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Hearing Loss or Dizziness With an Ear Canal Problem

Hearing loss and dizziness are not commonly caused by ear canal problems. Significant hearing loss or vertigo may mean a more serious condition that requires medical evaluation.

  • Minimal hearing loss may occur if the ear canal becomes blocked with earwax, swelling of the canal, or thick drainage.
  • People often feel lightheaded or as if they might pass out when they are ill. This is different, however, from vertigo, which is a feeling that you or your surroundings are moving when there is no actual movement. The motion is commonly described as a spinning or whirling sensation, but it can also include sensations of falling or tilting. Vertigo can cause nausea, vomiting, the inability to walk or stand, or falls with the possibility of injury.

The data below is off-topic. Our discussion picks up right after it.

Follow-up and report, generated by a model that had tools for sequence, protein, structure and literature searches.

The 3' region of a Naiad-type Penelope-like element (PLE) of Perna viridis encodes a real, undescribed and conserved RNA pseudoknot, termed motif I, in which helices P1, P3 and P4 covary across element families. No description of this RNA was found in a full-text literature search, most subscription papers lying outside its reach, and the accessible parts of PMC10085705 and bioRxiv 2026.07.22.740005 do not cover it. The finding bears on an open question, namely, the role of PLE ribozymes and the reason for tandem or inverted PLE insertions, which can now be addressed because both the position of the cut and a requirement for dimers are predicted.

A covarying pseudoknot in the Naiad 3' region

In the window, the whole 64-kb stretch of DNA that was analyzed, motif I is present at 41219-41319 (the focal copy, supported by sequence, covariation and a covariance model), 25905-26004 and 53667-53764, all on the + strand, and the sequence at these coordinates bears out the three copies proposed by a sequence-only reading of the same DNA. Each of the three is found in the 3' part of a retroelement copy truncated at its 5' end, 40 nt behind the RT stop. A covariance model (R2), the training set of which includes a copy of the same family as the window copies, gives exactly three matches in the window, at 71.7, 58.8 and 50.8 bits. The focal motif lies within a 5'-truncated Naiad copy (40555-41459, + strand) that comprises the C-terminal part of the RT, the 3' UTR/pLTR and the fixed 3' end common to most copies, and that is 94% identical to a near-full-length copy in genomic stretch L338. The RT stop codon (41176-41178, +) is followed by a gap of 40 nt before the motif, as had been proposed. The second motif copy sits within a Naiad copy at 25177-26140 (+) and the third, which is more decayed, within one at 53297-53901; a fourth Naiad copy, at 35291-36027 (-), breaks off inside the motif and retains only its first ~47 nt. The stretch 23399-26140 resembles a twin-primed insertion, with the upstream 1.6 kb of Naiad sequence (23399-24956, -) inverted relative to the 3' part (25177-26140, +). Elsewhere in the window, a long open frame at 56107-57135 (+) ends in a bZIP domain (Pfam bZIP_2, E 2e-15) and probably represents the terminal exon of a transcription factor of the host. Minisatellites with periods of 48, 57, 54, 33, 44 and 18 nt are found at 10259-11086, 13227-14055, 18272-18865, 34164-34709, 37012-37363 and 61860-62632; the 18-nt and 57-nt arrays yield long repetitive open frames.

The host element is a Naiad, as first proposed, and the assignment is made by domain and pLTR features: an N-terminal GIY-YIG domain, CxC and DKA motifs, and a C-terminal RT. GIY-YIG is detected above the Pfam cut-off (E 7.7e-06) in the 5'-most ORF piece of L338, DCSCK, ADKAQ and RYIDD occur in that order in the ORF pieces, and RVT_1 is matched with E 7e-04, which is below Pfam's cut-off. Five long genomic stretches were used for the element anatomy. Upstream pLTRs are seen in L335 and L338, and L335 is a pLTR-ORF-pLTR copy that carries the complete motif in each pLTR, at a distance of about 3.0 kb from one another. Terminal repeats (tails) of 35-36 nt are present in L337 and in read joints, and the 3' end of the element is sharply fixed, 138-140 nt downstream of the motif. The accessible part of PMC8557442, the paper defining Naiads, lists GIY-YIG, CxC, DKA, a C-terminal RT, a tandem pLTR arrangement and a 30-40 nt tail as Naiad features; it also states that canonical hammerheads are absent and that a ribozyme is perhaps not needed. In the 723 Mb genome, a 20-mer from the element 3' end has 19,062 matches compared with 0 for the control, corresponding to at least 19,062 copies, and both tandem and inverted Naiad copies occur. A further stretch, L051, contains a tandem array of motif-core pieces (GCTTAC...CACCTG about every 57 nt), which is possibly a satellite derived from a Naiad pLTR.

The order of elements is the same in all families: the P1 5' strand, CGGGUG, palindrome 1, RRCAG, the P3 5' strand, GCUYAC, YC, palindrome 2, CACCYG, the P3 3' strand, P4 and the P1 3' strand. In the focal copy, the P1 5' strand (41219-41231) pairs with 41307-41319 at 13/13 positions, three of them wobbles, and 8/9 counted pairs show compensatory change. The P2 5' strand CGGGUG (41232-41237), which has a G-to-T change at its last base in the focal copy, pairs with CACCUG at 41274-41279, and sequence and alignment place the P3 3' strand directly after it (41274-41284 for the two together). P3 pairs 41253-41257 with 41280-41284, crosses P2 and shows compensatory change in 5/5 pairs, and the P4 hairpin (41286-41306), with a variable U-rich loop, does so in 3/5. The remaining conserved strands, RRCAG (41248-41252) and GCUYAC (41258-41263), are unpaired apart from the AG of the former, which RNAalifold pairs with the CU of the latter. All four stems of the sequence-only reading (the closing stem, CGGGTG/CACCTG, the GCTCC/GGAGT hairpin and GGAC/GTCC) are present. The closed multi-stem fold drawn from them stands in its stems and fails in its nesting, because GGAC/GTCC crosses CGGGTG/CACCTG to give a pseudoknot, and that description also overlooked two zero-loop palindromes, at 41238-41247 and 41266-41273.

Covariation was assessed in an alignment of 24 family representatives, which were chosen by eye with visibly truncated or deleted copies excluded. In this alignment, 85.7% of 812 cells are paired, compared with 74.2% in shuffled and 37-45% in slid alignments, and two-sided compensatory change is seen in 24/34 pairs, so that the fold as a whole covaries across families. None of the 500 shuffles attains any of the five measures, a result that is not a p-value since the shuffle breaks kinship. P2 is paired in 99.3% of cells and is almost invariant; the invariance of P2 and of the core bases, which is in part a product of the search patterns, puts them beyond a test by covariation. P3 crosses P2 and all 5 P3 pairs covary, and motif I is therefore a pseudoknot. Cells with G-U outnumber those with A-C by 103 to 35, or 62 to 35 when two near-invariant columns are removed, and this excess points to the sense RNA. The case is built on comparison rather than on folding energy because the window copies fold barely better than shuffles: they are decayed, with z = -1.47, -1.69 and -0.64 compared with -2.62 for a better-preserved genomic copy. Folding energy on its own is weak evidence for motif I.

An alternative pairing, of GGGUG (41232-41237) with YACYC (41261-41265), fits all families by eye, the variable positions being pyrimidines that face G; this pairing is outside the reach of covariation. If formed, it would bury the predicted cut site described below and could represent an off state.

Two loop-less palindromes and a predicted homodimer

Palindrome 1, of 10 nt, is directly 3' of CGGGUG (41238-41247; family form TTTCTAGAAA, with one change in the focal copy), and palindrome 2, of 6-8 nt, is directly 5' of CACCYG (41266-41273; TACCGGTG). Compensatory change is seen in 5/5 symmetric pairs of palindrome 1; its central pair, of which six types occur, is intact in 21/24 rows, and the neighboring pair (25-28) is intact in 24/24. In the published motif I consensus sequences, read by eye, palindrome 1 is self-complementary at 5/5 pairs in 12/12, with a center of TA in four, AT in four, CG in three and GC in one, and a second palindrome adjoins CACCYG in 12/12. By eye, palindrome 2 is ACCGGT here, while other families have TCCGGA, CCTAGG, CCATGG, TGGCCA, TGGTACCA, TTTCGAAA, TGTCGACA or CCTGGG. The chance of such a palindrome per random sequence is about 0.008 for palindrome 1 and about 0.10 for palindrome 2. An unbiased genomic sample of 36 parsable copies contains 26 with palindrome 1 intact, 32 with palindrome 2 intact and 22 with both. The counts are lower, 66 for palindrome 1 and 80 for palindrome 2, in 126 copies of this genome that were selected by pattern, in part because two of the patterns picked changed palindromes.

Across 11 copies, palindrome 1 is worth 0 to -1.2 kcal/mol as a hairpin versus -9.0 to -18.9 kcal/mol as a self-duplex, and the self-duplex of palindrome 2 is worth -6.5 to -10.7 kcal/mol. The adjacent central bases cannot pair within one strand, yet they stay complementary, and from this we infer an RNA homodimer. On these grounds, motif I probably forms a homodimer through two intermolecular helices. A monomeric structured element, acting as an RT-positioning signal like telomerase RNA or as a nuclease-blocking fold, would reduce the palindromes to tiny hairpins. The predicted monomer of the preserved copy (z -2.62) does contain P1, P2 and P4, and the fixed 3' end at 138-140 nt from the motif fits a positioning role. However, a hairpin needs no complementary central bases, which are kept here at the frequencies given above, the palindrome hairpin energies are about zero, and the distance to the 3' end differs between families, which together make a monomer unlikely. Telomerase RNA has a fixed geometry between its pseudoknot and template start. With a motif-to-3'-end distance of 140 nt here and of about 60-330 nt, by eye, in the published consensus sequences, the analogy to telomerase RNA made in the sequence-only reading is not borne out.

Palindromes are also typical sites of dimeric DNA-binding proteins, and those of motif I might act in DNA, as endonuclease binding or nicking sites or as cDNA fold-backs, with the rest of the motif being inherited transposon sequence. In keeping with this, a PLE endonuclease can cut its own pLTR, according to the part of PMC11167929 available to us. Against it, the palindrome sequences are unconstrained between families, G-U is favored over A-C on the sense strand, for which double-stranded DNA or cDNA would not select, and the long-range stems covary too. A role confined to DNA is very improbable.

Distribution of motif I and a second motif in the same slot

Both vertigo and lightheadedness can be caused by ear canal problems, especially if these sensations occur with a viral infection or allergy symptoms. Vertigo is common with inner ear disorders, such as labyrinthitis, Ménière's disease, an injury to the ear or head, or a noncancerous growth in the space behind the eardrum (cholesteatoma).

By Healthwise Staff
William H. Blahd, Jr., MD, FACEP - Emergency Medicine
H. Michael O'Connor, MD - Emergency Medicine
Last Revised January 9, 2012

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